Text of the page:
“The Act of Killing,” a critically acclaimed documentary in which a pair of gangsters re-enact their roles in the 1965 Communist purges in Indonesia, will be honored on Sunday with two awards at the Berlin International Film Festival.
Director Joshua Oppenheimer’s film will take home the Panorama Audience Award and the Ecumenical Jury prize, the latter of which is awarded by a six-person jury to “directors who have succeeded in portraying actions or human experiences that are in keeping with the Gospels, or in sensitizing viewers to spiritual, human or social values.”
The film first gained international attention when it screened at the Toronto Film Festival in September, where it was lauded for its unconventional presentation of the tragedy. Its principle subject, Anwar Congo, was a small-time gangster with a passion for Hollywood Westerns in 1965 when he was enlisted to participate in the mass killing of Indonesians alleged to have Communist loyalties.
In “The Act of Killing,” the unpunished Medan-based men act out their state-sponsored crimes in a variety of film genres, describing their roles unapologetically, and with an honesty that the Indonesian government has not yet been willing to show. Estimates put the number of those killed in the purges at anywhere from 500,000 to two million people, at a tumultuous time in the country’s history.
In a statement, the Ecumenical Jury praised “The Act of Killing” for the present-day value it brought to an historical event.
“This deeply unsettling film exposes the evil mass murders which took place in Indonesia in 1965 and reveals the monstrosity of these crimes. It re-opens a deep wound with the conviction that it is worthwhile to unearth such atrocities,” the jury said.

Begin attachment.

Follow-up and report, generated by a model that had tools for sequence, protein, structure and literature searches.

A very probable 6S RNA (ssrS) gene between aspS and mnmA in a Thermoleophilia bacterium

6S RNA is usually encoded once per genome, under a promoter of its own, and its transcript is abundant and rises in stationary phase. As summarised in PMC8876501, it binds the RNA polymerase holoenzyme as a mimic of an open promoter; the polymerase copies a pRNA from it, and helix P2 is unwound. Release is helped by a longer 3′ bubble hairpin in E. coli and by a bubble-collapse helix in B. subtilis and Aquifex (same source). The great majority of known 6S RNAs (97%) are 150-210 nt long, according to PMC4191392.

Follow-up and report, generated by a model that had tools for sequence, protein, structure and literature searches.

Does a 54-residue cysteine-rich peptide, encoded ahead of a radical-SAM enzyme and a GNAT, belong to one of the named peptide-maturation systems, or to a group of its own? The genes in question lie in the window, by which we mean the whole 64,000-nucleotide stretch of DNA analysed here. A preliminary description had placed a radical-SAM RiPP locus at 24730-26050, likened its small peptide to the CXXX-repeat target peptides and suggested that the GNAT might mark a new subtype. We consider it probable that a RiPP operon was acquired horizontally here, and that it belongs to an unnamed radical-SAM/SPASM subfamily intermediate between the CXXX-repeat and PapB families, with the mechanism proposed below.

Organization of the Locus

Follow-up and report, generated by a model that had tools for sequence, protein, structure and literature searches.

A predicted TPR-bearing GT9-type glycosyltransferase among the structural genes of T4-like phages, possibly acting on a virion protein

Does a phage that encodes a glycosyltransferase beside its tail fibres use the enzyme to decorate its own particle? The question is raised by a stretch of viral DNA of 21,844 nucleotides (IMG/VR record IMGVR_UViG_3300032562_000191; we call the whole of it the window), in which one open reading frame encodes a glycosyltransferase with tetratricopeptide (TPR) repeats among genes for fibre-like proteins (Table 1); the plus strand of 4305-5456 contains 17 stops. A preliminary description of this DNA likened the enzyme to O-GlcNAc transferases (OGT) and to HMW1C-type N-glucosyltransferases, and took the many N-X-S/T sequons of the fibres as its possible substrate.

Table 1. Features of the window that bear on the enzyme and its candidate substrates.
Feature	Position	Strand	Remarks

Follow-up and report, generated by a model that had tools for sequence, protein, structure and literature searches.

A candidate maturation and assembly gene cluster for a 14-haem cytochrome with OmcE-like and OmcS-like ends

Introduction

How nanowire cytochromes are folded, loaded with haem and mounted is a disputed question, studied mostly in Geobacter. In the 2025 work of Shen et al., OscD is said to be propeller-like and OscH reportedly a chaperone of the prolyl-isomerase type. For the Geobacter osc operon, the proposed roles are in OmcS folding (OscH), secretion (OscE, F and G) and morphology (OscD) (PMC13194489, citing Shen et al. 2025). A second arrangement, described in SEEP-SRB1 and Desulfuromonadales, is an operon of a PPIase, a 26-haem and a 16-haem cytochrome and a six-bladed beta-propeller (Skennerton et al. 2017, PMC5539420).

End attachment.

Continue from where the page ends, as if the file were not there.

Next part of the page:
The filmmakers struck a similar chord in an acceptance speech posted to the documentary’s Facebook page.
“Since International Human Rights Day on December 10, 2012, ‘The Act of Killing’ has screened hundreds of times in Indonesia, in more than 90 cities. It has helped give rise to a national conversation in which, finally, the silence around the genocide has been broken, and Indonesians are openly discussing how today’s regime of corruption and fear is built on a mountain of corpses.
“We thank the Ecumenical Jury for this prize: it is an important contribution to our effort to break the silence. In itself, this award exposes lies that have, for so long, been used to justify crimes against humanity, to stigmatize survivors, to keep people afraid.”
At the time of writing on Sunday, the official website of “The Act of Killing” could not be accessed in Indonesia.